ALMOST one in five women are still smoking during pregnancy according to new figures.
Early indications show the numbers for Blackburn with Darwen are dropping from 18.5 per cent, but only to 17.5 per cent in 2012/13.
The number of pregnant smokers remains the same in Burnley, Pendle, Rossendale, Ribble Valley, Hyndburn and Chorley at 18.5 per cent. The average for England was 13.4 per cent.
The statistics are seen as extremely concerning by health officials, but are not considered surprising.
Public health consultant Dr Gifford Kerr said: “People living in the most deprived areas are twice as likely to smoke as those living in the wealthiest areas.
“While it is no surprise, therefore, that we have a high number of smokers and high incidence of smoking-related deaths in Blackburn with Darwen, it is something we are extremely concerned about.”
According to experts, stopping smoking will have an immediate beneficial effect for expectant mums, clearing carbon monoxide and chemicals from the body and returning oxygen levels to normal.
It will also mean:
- less morning sickness and fewer complications in pregnancy
- more likely to have a healthier pregnancy and a healthier baby
- reduce the risk of stillbirth
- help women cope better with the birth or complications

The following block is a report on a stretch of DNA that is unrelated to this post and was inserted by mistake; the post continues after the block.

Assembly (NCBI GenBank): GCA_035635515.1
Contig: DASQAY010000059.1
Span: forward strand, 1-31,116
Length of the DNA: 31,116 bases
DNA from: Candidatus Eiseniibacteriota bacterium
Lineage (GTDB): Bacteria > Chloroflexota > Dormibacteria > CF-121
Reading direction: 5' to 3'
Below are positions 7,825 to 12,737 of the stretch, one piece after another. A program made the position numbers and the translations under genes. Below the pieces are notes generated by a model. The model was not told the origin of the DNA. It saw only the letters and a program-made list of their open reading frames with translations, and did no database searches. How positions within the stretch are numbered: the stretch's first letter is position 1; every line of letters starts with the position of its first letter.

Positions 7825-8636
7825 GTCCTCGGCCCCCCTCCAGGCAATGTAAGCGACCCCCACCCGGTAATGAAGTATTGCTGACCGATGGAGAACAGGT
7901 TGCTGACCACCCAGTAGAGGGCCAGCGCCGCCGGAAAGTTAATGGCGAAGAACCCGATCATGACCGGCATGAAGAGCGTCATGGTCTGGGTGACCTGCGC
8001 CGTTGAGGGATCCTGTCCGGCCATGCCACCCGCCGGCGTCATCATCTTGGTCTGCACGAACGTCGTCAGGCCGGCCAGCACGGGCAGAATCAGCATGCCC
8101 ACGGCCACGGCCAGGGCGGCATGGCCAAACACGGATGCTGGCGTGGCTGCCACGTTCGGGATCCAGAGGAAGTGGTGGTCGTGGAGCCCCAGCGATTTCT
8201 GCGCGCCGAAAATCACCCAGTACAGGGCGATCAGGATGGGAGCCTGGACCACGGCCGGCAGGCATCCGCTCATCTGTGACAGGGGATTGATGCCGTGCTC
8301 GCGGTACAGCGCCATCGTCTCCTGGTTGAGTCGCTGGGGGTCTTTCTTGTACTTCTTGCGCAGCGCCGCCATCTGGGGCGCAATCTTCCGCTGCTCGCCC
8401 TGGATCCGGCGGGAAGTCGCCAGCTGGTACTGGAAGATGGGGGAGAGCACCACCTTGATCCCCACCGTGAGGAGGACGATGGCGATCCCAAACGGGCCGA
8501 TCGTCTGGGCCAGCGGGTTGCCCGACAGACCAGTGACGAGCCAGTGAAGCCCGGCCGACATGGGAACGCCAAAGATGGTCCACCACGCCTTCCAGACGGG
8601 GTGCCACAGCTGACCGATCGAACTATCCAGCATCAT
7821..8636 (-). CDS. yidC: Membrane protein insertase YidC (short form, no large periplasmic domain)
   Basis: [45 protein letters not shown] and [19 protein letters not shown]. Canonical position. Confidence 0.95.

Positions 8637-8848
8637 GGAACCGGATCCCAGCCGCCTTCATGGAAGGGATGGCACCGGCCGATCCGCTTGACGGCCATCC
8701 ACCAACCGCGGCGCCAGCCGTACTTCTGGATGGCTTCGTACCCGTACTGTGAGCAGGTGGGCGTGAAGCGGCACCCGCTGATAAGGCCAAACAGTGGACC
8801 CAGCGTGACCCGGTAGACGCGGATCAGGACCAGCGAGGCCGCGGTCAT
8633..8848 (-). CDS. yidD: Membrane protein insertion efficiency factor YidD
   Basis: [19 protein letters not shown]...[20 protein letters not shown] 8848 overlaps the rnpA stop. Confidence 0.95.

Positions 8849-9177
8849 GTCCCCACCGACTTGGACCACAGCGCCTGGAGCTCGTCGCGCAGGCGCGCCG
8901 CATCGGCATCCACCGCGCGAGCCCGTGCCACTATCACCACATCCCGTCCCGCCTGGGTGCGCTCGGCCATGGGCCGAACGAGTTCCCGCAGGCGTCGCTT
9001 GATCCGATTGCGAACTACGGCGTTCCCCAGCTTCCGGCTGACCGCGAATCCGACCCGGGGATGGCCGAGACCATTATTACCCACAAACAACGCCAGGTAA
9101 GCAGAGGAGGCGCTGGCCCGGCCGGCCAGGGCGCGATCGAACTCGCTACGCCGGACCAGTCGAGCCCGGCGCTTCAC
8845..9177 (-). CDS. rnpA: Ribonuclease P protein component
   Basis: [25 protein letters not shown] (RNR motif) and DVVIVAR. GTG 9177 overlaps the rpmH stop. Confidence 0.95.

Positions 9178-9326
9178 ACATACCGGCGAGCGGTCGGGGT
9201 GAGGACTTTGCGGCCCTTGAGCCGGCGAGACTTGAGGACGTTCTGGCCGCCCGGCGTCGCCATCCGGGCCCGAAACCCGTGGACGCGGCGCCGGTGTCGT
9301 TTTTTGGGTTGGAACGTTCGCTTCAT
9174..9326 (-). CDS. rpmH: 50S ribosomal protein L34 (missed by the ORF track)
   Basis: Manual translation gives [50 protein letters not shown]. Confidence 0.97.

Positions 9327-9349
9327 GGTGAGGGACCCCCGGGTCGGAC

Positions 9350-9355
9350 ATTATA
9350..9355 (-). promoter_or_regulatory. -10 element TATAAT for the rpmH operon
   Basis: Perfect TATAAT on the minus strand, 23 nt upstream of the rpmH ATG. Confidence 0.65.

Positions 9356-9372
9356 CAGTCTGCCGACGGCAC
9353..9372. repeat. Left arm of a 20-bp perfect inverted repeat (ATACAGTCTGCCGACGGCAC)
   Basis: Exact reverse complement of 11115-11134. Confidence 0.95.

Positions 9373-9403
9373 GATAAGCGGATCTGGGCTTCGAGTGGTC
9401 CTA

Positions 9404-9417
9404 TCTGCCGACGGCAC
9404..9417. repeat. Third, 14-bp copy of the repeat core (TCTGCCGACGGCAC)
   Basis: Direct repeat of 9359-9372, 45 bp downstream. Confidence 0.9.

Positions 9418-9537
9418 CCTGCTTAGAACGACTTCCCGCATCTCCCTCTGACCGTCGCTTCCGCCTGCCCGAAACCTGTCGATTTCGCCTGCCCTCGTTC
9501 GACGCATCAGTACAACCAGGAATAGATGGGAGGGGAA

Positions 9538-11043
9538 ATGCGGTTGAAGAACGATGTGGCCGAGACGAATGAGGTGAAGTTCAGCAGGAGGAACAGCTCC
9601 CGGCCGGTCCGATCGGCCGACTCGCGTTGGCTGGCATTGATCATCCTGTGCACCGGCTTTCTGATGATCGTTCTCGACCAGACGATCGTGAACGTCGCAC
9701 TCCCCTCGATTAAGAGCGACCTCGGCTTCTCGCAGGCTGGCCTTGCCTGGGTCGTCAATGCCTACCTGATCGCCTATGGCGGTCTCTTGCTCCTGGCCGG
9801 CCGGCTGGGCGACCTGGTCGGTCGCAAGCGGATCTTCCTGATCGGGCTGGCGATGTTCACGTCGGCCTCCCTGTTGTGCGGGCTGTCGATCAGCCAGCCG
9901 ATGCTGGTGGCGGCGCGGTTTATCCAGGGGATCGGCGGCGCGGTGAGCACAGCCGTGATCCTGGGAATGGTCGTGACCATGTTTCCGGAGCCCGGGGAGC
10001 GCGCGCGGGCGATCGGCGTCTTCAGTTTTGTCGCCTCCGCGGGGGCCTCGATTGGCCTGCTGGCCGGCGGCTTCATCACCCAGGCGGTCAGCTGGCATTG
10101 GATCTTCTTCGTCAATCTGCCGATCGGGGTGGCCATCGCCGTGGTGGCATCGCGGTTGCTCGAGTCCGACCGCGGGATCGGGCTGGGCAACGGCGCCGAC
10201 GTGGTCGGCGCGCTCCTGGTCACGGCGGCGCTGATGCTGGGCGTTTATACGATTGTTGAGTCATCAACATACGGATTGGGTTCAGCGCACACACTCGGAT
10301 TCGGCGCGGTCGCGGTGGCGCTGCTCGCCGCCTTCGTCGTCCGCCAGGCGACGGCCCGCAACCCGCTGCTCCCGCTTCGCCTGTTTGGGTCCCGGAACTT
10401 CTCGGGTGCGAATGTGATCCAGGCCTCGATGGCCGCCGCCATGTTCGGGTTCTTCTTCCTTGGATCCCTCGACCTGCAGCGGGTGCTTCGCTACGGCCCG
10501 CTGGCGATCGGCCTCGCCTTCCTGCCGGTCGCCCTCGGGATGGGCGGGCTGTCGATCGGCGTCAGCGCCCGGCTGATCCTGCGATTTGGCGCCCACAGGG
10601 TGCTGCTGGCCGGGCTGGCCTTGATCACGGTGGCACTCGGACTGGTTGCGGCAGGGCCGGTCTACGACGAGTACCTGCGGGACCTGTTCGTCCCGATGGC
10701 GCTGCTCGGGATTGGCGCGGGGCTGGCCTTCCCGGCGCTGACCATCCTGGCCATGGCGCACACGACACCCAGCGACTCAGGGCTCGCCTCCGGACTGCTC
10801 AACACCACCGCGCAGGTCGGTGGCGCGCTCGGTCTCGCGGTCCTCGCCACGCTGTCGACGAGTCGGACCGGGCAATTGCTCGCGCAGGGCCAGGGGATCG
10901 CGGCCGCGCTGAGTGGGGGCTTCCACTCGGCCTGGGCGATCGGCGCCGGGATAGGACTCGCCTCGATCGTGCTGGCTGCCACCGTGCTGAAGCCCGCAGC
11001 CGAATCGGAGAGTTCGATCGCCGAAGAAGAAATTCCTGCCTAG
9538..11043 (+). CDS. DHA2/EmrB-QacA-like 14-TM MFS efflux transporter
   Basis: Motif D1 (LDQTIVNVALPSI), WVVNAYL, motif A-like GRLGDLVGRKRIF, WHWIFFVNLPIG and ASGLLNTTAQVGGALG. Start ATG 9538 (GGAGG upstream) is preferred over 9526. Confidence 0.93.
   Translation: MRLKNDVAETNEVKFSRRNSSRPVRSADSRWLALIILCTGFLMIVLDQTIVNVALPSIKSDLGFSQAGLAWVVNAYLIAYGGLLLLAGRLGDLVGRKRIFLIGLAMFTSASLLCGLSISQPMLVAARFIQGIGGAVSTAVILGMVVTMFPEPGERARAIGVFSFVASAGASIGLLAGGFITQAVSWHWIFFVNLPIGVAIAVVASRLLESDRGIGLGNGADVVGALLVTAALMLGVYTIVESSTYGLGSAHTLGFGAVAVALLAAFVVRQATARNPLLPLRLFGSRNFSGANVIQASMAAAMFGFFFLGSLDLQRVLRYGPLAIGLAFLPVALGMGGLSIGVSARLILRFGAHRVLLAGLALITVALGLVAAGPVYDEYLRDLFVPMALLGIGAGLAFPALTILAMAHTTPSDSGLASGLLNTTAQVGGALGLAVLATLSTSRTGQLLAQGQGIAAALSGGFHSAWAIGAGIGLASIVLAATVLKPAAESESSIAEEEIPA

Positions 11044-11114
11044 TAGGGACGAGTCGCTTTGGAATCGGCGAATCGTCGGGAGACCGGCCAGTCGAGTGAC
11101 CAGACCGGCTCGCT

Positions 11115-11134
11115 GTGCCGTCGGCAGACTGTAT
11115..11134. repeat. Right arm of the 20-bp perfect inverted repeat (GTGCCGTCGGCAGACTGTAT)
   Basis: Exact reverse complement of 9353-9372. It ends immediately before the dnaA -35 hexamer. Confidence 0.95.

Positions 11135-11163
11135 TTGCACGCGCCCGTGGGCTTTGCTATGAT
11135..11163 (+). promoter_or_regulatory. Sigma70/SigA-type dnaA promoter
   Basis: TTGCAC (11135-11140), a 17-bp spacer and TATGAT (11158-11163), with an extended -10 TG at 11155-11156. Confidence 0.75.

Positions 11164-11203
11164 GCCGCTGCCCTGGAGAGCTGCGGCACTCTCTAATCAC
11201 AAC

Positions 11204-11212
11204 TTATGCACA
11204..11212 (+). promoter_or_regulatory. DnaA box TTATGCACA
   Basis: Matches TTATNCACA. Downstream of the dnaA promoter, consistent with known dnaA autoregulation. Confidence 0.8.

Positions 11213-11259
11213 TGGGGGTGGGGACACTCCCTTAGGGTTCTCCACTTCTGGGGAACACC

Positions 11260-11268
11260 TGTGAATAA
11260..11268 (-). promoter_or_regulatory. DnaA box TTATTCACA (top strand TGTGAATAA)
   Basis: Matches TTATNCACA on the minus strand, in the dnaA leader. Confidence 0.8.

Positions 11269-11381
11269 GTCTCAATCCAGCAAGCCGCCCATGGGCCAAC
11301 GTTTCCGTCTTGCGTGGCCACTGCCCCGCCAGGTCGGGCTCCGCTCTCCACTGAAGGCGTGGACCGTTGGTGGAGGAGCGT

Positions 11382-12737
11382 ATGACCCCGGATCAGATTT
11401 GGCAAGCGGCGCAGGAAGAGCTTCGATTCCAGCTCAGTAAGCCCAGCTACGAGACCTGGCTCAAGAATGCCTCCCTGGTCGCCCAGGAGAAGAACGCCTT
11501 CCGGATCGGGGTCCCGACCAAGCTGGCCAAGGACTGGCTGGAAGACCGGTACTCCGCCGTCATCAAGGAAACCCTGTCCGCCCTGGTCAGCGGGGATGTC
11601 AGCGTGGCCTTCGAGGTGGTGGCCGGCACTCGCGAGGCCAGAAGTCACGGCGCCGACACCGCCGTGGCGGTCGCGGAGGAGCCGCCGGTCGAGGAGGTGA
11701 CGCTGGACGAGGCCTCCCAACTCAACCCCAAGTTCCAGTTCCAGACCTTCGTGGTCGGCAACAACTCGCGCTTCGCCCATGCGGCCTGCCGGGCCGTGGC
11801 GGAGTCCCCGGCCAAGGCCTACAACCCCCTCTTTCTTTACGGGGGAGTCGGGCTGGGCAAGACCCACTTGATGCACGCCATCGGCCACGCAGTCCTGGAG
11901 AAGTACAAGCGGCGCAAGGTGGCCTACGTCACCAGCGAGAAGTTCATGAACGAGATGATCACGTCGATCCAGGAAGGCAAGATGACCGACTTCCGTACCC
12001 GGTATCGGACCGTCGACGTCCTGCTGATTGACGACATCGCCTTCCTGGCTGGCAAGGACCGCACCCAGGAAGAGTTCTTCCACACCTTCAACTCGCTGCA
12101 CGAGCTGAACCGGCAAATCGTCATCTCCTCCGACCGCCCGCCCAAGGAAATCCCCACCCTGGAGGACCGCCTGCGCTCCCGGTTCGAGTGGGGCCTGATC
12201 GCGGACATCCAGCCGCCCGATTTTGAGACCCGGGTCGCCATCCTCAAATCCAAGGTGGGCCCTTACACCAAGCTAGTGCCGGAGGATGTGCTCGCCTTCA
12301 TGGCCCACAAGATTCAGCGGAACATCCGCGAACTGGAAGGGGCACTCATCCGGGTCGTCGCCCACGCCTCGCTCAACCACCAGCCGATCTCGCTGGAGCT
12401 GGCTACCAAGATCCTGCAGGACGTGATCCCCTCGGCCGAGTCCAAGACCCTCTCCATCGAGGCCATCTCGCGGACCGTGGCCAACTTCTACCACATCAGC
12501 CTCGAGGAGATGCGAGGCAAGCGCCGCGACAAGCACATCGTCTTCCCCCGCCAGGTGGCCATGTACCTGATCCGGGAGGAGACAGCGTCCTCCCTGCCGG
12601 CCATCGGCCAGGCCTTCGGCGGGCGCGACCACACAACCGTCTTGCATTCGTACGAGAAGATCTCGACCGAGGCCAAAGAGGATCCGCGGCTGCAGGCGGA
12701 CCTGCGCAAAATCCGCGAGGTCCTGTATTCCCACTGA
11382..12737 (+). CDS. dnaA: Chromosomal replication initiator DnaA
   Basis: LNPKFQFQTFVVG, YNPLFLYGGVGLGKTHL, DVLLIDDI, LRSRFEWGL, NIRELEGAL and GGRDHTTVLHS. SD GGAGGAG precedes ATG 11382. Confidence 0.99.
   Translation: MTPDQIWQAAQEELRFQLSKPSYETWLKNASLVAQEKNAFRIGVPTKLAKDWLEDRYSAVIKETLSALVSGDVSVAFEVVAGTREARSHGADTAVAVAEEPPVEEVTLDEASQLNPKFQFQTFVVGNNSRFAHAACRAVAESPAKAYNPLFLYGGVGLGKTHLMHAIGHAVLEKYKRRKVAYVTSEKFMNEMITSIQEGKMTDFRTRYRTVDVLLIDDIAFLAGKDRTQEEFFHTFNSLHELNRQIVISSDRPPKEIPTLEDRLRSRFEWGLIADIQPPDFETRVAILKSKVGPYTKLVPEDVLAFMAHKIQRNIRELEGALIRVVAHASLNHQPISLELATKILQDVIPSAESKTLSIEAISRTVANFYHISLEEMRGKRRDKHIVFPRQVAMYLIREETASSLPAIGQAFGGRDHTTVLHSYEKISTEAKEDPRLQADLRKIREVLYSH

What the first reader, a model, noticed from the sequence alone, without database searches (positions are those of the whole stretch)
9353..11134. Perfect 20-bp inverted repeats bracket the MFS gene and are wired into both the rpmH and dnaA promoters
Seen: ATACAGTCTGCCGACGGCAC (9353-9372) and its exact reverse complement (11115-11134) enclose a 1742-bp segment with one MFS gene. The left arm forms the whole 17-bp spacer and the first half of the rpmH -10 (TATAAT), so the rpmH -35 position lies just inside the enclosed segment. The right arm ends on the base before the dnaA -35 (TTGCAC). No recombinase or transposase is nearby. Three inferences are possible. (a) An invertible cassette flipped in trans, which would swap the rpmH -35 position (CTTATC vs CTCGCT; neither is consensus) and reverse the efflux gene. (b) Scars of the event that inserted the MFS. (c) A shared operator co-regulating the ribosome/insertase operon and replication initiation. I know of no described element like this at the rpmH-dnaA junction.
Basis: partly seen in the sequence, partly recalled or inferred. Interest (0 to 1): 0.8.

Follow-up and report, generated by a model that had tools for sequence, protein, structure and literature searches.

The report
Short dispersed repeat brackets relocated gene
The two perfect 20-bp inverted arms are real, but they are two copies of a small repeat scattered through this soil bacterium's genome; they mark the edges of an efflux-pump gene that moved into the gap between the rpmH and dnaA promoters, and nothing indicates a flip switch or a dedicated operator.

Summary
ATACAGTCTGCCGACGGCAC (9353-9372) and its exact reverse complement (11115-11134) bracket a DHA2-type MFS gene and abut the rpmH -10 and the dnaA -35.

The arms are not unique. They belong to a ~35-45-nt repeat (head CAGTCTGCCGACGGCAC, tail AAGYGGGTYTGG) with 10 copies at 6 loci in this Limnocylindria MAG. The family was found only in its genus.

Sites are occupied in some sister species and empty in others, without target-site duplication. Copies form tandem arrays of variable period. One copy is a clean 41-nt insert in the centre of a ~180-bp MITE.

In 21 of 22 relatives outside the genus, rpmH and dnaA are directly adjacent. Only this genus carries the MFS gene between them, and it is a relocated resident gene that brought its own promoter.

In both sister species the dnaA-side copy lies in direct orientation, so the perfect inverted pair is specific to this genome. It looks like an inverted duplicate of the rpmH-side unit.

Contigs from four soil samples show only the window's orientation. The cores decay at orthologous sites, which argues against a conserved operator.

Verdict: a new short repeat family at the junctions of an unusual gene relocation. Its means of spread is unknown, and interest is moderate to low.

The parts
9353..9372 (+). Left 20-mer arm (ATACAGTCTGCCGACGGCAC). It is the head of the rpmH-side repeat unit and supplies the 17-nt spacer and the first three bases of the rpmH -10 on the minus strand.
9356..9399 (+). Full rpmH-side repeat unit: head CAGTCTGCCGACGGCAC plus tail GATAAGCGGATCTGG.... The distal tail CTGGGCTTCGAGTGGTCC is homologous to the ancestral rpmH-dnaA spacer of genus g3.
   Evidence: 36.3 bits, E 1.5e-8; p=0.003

- mean the baby is less likely to be born too early and face additional breathing, feeding and health problems that often go with being premature
- reduce the risk of cot death.
Other figures collated by the London Health Observatory show mortality rates of smokers in Blackburn with Darwen and Burnley are some of the highest in the UK.
Of 327 areas across the UK studied for how many people died from smoking in 2008-10, the towns came seventh and eighth respectively.
The organisation looked at how many people aged 35 and above had died as a result of their habit, per 100,000 residents.
Blackburn with Darwen saw 320 tobacco-related deaths, seeing an increase of 11 since 2007-09, making the borough sixth highest in the North West.
Dr Kerr said: “A large number of smoking-related deaths are due to lung cancer and we know cases are increasing, especially in women.
“We have poor one-year survival rates because people don’t come forward early enough with symptoms, so another important area of our work has been to help raise awareness of warning signs. We offer a carbon monoxide test to pregnant women to detect evidence of smoking, and we have appointed a dedicated smoking in pregnancy midwife to offer advice and support.
“We are now exceeding our targets for the numbers of people who have successfully quit and we continue to work hard to address this issue through our stop smoking services.
“Reducing smoking in pregnancy rates is a key target for us and we are determined to continue this downward trend.”